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The Acid Precipitation Act of 1980 called for a comprehensive ten-year program to identify the causes and sources of wet and dry acid deposition, to evaluate their effects, and, on the basis of the findings, to minimize or eliminate their sources where possible. The U.S. Environmental Protection Agency (EPA) is involved with several aspects of the overall interagency National Acid Precipitation Assessment Plan, including field monitoring and quality assurance. One of the major precursors of acid deposition is the gas sulfur dioxide (SO2). The purpose of the project described in this paper was to provide the EPA with standards or predictable test atmospheres of SO2 in air in the parts-per-billion range. Since the amount of calibration gas required was great, it was not feasible to prepare the required mixtures in cylinders, characterize them, and supply them to the EPA. To overcome this limitation, dynamic dilution was chosen as a method of supplying the required mixtures. Gas cylinder mixtures of higher concentrations of SO2 were characterized with respect to concentration and stability over time. These mixtures were used as inputs to the dilution system and blended with large amounts of air to produce SO2 mixtures of known lower concentration. The analysis of the high-concentration cylinder mixtures is described, along with the characterization and evaluation of the components of the dilution system and the dilution system as a whole.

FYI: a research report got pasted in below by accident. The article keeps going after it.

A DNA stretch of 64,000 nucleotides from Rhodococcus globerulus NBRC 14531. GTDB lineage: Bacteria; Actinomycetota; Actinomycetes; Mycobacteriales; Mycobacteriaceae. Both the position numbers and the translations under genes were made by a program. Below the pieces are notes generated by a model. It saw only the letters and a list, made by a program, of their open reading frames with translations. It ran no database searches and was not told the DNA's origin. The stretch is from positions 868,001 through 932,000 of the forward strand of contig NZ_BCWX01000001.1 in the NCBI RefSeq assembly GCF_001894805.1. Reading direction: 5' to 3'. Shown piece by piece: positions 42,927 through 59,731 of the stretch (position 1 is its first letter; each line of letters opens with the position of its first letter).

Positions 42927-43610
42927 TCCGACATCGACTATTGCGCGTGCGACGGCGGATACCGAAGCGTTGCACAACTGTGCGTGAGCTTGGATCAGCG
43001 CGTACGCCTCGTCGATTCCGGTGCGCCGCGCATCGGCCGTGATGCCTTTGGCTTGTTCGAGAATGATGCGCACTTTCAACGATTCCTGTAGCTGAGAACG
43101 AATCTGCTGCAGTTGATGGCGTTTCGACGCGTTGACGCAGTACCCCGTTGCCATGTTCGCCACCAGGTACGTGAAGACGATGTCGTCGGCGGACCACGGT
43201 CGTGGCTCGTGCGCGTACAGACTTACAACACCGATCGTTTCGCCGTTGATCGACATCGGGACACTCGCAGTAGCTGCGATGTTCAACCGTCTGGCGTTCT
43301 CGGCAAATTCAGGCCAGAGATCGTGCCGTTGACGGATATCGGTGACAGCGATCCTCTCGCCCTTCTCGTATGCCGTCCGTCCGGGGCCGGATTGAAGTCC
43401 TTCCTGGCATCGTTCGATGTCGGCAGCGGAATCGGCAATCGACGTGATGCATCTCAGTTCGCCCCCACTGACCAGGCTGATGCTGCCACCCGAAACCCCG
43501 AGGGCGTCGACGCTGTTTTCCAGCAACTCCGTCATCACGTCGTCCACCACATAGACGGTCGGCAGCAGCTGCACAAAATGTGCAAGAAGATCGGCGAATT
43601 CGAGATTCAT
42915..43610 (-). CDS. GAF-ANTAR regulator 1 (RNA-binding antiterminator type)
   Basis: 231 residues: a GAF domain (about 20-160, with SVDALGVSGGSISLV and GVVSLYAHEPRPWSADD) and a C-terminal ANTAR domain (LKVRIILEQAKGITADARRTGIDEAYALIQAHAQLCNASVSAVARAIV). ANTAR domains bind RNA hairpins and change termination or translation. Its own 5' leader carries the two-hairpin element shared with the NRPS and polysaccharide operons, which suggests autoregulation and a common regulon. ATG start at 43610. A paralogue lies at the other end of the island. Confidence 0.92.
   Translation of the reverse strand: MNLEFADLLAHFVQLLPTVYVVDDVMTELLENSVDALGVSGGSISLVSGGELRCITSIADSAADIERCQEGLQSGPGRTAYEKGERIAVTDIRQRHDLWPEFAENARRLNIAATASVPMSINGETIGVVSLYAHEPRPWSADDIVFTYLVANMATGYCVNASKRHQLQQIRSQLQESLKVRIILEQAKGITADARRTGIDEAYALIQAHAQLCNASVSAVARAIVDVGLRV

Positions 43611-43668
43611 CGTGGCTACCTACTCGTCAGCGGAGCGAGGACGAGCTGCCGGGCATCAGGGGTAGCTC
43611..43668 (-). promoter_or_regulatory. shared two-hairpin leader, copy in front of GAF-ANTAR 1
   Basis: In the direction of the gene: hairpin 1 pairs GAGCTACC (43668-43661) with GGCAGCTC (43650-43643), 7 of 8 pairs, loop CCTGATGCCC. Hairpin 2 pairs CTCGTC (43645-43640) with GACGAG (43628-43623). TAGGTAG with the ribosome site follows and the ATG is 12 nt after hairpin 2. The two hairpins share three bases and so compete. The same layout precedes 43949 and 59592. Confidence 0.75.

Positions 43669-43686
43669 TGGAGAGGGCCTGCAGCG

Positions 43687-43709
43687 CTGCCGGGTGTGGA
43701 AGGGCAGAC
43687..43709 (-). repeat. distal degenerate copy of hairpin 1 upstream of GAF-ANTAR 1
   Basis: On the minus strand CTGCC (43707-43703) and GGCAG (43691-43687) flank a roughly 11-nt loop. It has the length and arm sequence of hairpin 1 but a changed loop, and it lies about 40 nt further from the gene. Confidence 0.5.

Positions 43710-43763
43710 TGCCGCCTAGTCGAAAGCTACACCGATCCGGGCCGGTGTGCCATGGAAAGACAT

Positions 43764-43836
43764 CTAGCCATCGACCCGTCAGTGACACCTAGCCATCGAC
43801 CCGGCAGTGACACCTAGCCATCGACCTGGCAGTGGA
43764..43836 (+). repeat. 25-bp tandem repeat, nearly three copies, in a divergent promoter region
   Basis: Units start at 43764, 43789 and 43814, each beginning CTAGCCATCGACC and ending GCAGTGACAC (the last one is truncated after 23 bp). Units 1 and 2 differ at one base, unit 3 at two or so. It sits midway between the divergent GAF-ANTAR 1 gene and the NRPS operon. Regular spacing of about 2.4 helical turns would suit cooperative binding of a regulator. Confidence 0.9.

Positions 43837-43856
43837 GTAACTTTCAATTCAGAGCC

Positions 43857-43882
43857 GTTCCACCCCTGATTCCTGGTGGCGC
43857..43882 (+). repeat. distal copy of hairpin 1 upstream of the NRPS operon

toxics, gas standards, dry acid deposition, sulfur dioxide, dynamic dilution, calibration, gas analysis, acid gas, permeation tubes, gas stability, monitoring, air pollution, data quality assurance
Center for Analytical Chemistry, National Institute of Standards and Technology, Gaithersburg, MD
NIST guest worker, Shanghai Institute of Ceramics, Chinese Academy of Sciences, Shanghai,